Rick Santorum slaps down Newt Gingrich. “[A] lot of ideas, brilliant in that respect, but as far as focus, as far as being able to rely on him to come out and — and deliver that consistent, strong message and not undermine our — our folks in the House and Senate, not undermine some of the basic things — look, sitting on a couch with Nancy Pelosi is not a particularly — not a particularly solid conservative thing when you’re out there, as I was, fighting this — this — this junk science of man-made global warming and cap-and-trade, and Newt was on the other side. This is — this is the kind of behavior that we cannot have out of a nominee.”
Mitt Romney slaps down Gingrich too. “But leadership — the capacity to move others and accomplish various ideals is something which you look for in a person that will guide the nation. And character is a big part of leadership, as is vision, sobriety, steadiness. These are attributes which I think people want to see in their candidate.” Santorum and Romney seem to have a common theme here, huh?
Gingrich slaps down elites. “People who are just sick and tired of being told what they’re allowed to think, what they’re allowed to say. Again and again, it came up, as you know, in the two debates. The highest, the most intense passion in both debates was a head-on collision about what the news media was doing. And I think there’s something real and deep there that happens all across the country and that we’re seeing everywhere and certainly in Florida, which has had one of the most painful periods with housing mortgages and the price of housing and the difficulties in the housing area. As they look at the big boys on Wall Street they look at the guys in Washington, they know none of that help got down to average everyday Floridians. And I think that gap creates a real anger against the national establishment.” But is this a campaign message?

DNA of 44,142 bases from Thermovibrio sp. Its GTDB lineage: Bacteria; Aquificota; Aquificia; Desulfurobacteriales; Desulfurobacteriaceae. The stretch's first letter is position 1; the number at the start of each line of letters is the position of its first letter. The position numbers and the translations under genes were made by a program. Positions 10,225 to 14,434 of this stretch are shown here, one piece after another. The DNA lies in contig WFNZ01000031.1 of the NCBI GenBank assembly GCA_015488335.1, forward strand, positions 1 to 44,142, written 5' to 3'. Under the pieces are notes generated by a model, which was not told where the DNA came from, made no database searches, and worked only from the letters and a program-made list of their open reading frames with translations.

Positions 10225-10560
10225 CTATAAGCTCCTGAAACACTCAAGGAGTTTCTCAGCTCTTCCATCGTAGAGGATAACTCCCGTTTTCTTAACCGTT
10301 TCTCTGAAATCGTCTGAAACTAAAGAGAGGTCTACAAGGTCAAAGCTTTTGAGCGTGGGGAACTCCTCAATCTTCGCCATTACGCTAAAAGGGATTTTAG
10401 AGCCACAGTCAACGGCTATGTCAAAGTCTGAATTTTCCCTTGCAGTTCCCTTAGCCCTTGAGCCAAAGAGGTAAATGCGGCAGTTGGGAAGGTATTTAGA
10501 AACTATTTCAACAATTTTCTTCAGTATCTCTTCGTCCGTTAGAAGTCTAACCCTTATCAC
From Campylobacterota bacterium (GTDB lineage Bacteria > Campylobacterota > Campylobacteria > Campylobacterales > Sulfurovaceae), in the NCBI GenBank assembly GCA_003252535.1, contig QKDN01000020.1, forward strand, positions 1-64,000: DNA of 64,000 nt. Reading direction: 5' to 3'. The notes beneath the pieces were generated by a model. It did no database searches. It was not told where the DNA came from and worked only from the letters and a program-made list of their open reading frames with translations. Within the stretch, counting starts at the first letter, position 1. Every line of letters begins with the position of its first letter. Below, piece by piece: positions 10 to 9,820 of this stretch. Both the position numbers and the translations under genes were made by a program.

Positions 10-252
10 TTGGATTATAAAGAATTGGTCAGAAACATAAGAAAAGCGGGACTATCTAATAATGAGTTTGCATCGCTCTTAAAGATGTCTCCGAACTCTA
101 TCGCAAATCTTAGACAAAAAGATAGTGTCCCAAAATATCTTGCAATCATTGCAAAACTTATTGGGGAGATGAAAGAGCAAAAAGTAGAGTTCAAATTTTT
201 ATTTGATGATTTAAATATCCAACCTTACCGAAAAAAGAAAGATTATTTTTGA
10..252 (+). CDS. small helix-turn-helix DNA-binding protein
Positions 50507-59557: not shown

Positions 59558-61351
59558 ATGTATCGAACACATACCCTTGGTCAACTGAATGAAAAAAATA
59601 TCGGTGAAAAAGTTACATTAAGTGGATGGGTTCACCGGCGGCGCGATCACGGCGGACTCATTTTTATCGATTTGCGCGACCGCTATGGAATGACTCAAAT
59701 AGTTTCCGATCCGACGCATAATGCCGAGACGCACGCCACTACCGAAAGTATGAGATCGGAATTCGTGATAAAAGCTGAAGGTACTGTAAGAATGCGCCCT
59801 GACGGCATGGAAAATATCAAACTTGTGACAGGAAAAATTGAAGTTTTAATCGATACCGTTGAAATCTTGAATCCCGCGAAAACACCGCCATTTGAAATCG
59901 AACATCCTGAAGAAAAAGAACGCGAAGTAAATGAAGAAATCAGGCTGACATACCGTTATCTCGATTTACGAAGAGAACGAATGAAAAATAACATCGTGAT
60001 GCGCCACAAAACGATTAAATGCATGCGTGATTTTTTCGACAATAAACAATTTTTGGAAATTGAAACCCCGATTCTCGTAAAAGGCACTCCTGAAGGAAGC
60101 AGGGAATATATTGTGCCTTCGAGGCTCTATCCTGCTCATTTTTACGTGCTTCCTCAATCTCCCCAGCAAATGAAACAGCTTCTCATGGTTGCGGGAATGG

New Jersey Gov. Chris Christie slaps down Gingrich’s claim he wasn’t a lobbyist. “He got paid $1.6 million. First, he said he was a historian, now he’s a strategic adviser. I mean, let’s be serious. It’s the oldest dodge in the book. He was using his influence that he obtained in public office to try to help them. That’s why they paid him $1.6 million. He can call it whatever he wants to call it, but that’s what it is.”
Maureen Dowd slaps down President Obama. “Despite what his rivals say, the president and the first lady do believe in American exceptionalism — their own, and they feel overassaulted and underappreciated. We disappointed them.. . . Who knew, in the exuberance of 2008, that America was electing an introvert? And that one who touched so many felt above the touchy-feely-gritty parts of politics?” Umm, a whole bunch of us, actually.
P.J. O’Rourke slaps down the high-minded left. “The elites who denounce poverty despise the poor. Their every high-minded, right-thinking ‘poverty program’ proves this detestation — from the bulldozing of vibrant tenement communities to the drug law policing policies that send poor kids to prison and rich kids to rehab to the humiliation of food stamps and free school lunches to the loathsome inner-city public schools where those free lunches are slopped onto cafeteria trays.”
Lisa Schiffren slaps down Gingirch’s mess-of-a-victory speech. “Newt should have had a speech outlined for this occasion. Actually, he does. He glances at it from time to time, only to go off on a riff. This is not a good moment to hold on to the mike and give the audience a tour d’horizon of issues domestic and foreign. Discipline. Please show us some discipline.”
Speaker of the House John Boehner (R-Ohio) slaps down the shopworn Obama agenda. “It sounds to me like the same old proposals we’ve seen — more spending, higher taxes, more regulation — the same policies that haven’t helped our economy, they’ve made it worse. If that’s what the president is going to talk about Tuesday night, I think it’s pathetic.” Yup.